When you first got Fido, you probably figured that a nice little perk would be all the extra exercise that would come with walking him.
Then life happened. Board meetings. Soccer games. Vacations. Meal planning. Every new activity that pops up is one more reason to sidestep the dog walk that day.
Fitting in exercise with your pooch doesn’t have to a drag, though, or just another item on your to-do list. Here are eight simple ways to put pet exercise back on your calendar—and to keep it fun. As a side note, you should always have your veterinarian sign off on any exercise program you plan to do with your dog, to make sure he doesn’t have any health problems that could rule out a particular activity.
1. Grab a friend. Have you seen a group of people in your neighborhood walking around the block with their own dogs? Try teaming up with them so that you’ll have someone to pull you along if you feel like skipping it one day. Plus, this way, if for some reason you really can’t walk Fido one day, your friend can do it for you, and vice versa.
2. Get the whole family to go. Fido probably isn’t the only one missing out because of everyone’s busy schedules. If you find that you have less and less time to catch up with the kids as well, try making your pet’s exercise a family activity. Do it at the same time every night—perhaps after dinner is cleaned up and homework is done—that way it becomes a habit. This is a great way to get the whole family exercising and to make sure you stay updated on the goings-on in your family’s lives.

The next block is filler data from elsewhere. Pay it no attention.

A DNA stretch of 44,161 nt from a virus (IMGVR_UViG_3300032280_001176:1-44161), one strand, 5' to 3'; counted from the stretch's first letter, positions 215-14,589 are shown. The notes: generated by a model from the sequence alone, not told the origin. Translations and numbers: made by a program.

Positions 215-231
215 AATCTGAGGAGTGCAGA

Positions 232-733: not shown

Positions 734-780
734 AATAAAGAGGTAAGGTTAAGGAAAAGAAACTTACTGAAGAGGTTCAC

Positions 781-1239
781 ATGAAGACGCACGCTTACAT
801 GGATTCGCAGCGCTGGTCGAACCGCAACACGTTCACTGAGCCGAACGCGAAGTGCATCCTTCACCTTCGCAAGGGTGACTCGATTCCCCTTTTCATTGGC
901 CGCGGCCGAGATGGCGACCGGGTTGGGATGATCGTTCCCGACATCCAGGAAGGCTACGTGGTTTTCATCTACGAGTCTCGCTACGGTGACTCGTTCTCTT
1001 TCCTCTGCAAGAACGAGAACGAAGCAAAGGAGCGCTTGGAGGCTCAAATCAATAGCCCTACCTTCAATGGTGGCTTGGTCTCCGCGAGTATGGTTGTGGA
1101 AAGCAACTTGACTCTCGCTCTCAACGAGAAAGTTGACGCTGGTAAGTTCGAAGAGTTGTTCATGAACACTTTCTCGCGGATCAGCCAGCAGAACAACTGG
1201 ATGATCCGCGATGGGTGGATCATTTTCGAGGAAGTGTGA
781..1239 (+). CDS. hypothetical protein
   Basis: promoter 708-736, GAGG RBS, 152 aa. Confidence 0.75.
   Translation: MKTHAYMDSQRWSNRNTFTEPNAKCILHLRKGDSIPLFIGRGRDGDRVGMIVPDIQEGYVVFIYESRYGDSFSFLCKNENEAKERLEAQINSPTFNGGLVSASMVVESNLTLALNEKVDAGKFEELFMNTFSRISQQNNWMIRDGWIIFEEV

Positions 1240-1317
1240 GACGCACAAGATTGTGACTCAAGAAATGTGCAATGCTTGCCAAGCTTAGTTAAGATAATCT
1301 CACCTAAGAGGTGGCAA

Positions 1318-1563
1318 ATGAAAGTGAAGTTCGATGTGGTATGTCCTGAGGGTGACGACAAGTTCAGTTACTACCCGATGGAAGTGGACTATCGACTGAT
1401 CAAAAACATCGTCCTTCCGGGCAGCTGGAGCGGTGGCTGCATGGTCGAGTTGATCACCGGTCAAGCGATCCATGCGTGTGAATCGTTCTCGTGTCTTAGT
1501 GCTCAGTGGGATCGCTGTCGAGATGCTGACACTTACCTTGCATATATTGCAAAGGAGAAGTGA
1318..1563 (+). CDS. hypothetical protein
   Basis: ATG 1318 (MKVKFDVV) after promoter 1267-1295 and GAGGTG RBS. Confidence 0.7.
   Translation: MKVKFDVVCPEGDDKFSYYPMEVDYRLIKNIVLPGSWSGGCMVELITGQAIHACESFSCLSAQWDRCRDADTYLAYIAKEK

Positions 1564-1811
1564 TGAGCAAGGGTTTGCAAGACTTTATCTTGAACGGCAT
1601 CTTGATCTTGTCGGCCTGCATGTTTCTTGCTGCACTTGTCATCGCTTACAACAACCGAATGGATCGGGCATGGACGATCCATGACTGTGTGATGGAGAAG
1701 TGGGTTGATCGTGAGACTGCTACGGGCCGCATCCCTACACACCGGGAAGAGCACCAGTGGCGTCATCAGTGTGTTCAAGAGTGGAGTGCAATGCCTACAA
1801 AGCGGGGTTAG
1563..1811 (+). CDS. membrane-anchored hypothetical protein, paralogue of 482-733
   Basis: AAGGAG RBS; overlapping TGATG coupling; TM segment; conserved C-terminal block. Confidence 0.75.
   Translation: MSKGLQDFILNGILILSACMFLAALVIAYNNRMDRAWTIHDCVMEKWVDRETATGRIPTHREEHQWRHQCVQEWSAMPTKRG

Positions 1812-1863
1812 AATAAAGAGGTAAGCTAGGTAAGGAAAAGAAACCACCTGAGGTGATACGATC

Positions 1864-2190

3. Make it a game. To motivate everyone in the family into making dog walking an important part of the day, try making it into a game. For young kids, it could be that each time one of them reminds you to walk the dog, and then joins you for the walk, they earn points toward a prize at the end of the week—like picking the movie to watch on Saturday or deciding what’s for dessert.
4. Combine it with an errand. If you have things that you need to get done, but you haven’t walked the dog yet, consider whether you can take him along. For example, if you’re off to your daughter’s soccer game, and it’s walking distance, consider walking and taking the dog instead of driving.
5. Get creative. If you really don’t have the time to head out of the house for exercise one day, at least try to engage your animal in some extra indoor activity. Throw some toys up and down the stairs for Fido to chase, or throw a Frisbee around in the back yard while you’re grilling dinner.
6. Sign up for a race. Nothing’s more likely to motivate you to put your running shoes on than signing up for and paying to run an upcoming race. So lace up your sneaks, grab the leash and the dog and hit the pavement.
7. Take it off road. If you’re not into walking or running, consider alternative methods of exercise for both you and your furry friend. Tons of dog breeds love swimming, or you could even bring your dog to a dog park and let him off-leash while you sit close by and read or work.
8. Split up your time. Maybe you don’t have a solid 20-25 minutes every morning or evening to walk Fido, but you don’t have to. Even if you only have five minutes in the morning for a quick one-loop around the neighborhood, and another 10 at night, that’s OK. It doesn’t matter when you get pet exercise in, it just matters that you do at least a little something with your pet every day.